As it celebrates turning 40, nabs looks to the future

—A board subcommittee will help chart a new course for the future. “It is, in my opinion, the single most important committee that we’ve had since I’ve been around, and I’ve been around nabs since 2010,” said chair Tom Shipman—

Over the past few weeks, The Message been helping celebrate the 40th anniversary of nabs—talking with people whose hard work made the charity what it is today, reflecting on its beginnings, its growth and evolution, and honouring its many contributions to people in need across the industry.

But as important as it is to look back and remember the invaluable contributions of those who helped build nabs, Tom Shipman, chair of the nabs board, and Rosetta Heckhausen, managing director, are very much looking forward, in order to ensure it remains a cherished institution supporting the industry and the people within it, whatever new needs and challenges arise.

“At the end of the day, what nabs does is try to improve the lives of individuals in our industry,” said Heckhausen.

Whether job or career related challenges, or personal issues away from the office, nabs has long recognized the intersection of the two, and been there to provide assistance. But the industry is constantly changing, requiring nabs to change along with it.

“Every decade is different, and I think what explains our longevity and our relevancy is that we’ve always been able to adapt and deliver what our community needs,” she said.

The relevancy of nabs is as strong as ever, even if the context changes, added Shipman, whose “day job” is partner, and director of strategic solutions for Mediology in Vancouver.  “If you look at where nabs is at today, there’s no shortage of clients.”

But nabs has to be run like a business, and just like any business, it must continue looking forward, said Shipman. “Not just this year, not just next year, but where does nabs need to be in three years, where does it need to be in five years?”

With that in mind, about six months ago, nabs created a new special board subcommittee.

“We call it vision and strategy, and it is, in my opinion, the single most important committee that we’ve had since I’ve been around, and I’ve been around nabs since 2010,” said Shipman.

The special committee has a broad mandate to study every aspect of what nabs has been until today, as a first step to reimagining what it could be tomorrow. Chaired by Alexandra Panousis, the committee is expected to present its findings and recommendations late in 2023 or early in 2024.

“It’s super important that we understand what we need to provide moving forward,” said Shipman. “Where do we fit in relative to a changing landscape?”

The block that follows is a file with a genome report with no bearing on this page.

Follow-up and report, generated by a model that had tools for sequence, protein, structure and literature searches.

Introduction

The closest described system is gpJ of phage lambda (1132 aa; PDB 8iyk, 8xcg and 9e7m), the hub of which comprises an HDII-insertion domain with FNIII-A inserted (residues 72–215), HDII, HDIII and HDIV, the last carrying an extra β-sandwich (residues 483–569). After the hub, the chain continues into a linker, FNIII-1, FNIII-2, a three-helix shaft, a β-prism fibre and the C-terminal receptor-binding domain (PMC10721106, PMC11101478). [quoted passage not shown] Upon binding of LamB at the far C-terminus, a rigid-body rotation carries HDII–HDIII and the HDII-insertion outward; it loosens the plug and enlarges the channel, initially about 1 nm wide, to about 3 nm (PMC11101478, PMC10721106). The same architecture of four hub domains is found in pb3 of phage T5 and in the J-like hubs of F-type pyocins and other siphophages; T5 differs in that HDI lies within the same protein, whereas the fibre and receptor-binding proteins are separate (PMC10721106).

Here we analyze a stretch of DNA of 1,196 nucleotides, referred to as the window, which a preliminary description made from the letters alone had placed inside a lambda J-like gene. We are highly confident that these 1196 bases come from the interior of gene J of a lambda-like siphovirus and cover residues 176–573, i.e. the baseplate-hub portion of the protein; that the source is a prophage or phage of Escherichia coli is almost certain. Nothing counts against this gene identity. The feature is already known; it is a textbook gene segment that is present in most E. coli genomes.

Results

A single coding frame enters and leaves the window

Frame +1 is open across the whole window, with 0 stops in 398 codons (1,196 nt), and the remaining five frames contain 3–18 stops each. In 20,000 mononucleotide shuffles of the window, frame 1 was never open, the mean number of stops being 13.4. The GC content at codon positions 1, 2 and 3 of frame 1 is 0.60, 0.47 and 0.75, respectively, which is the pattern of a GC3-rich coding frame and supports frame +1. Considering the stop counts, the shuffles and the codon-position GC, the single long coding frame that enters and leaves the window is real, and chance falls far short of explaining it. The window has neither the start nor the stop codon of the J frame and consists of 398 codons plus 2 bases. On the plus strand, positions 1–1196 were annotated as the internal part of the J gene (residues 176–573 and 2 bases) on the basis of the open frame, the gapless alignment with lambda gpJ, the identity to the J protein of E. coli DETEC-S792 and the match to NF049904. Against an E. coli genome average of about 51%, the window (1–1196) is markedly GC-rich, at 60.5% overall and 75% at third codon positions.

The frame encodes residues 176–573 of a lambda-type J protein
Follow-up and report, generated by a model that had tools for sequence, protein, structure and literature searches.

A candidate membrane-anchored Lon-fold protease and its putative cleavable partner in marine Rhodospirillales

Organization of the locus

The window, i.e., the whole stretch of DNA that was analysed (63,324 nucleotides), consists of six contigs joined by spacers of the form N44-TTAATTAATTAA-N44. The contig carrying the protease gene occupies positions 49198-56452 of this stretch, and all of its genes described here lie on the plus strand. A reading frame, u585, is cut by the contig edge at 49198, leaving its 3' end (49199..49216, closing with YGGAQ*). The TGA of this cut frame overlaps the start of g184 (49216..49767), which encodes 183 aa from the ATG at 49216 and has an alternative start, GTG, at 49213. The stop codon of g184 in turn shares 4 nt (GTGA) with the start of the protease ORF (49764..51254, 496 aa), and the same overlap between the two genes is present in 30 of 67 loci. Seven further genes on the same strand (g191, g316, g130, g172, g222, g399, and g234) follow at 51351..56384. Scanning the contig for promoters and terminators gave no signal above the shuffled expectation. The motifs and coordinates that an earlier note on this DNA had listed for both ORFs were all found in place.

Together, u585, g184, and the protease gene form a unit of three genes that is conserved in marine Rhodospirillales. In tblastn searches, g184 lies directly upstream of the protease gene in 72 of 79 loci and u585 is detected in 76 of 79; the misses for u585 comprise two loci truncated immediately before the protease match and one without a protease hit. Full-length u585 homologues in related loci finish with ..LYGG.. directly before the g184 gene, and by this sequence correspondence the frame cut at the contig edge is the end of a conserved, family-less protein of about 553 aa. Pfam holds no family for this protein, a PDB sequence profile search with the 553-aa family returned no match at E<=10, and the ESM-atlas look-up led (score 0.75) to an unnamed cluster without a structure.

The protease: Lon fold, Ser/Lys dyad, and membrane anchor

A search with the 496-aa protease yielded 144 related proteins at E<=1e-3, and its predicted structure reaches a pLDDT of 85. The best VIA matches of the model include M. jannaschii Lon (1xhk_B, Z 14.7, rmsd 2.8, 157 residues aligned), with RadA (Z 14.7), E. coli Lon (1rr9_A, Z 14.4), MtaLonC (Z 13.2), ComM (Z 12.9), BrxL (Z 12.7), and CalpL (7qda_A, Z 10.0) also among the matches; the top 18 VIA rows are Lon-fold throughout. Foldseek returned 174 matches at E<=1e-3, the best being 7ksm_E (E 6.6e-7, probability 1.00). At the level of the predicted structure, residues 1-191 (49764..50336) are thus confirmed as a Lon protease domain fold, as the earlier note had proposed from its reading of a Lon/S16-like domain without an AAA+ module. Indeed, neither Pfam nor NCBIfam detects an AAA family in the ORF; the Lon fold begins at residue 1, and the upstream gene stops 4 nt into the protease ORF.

Heckhausen thinks of it as “taking a pulse” of the industry. “What are the challenges people are facing? What supports do they need, and where are they getting supports if not from nabs. And trying to understand where—if there are gaps—how do we adapt and change current programming to fill those gaps.”

Evolving attitudes and approaches to mental health and wellness is a perfect example. Governments have been trying to provide additional supports, and private companies are providing “way more support” for their employees, said Shipman. “Five years ago, 10 years ago, there was minimal support in that area, if at all, and we were on an island doing it,” he said.  ‘We’re no longer on an island, and we can’t ignore that.”

And yet, calls to the nabs support line in March were the highest they’ve been in a long time. “And mental health is still number one,” said Heckhausen. “We are still seeing it as a priority when people call us or download information that they need.

“Mental health is a very complex issue, and that requires complex responses and different types of programming and supports.”

That begs the question, is what nabs doing in that specific area still the best use of its resources, or should they be redirected or repurposed in other ways? “Could that be a part of the future? Absolutely. Could it be reduced part of the future? Absolutely,” said Heckhausen. “This is the committee’s job—to figure out from the people of our industry, from the leaders of our industry, what is relevant that we’re doing, what is no longer relevant that we’re doing.”

Importantly, the committee is not being steered in any way, said Shipman. “There is nothing that’s untouchable, everything needs to be reviewed. We’re going to be honest with ourselves and assessing exactly what programs remain relevant, which ones are no longer relevant, and steer the organization accordingly.”

But while everything is on the table, they aren’t expecting a radical overhaul. “We’re still doing incredibly great work, helping a lot of people,” said Heckhausen. But any time you undertake this kind of deep research and introspection, surprises inevitably emerge.

“And I’m actually really looking forward to that,” she said. “Because I think what nabs has always done really well is provide [people in] the industry with what they needed, even when they didn’t realize they needed it.”

This won’t be a one-and-done effort, added Shipman. “It’ll have to be revisited. Whether it’s two years, three years down the road, to maintain our relevancy.”

And that is the all-important goal that motivates both Shipman and Heckhausen, and explains their work and commitment to nabs.

“We are so fortunate to have a charity dedicated to us, and that’s what keeps me going,” said Shipman. “Every now and then, when I’m swamped with nabs and swamped with my work, I think ‘Why am I doing this?’ But then I’ll have somebody approach me and say, nabs helped me and tell me the story, and it just blows me away.

I’m so incredibly proud of the work that we do.”

David Brown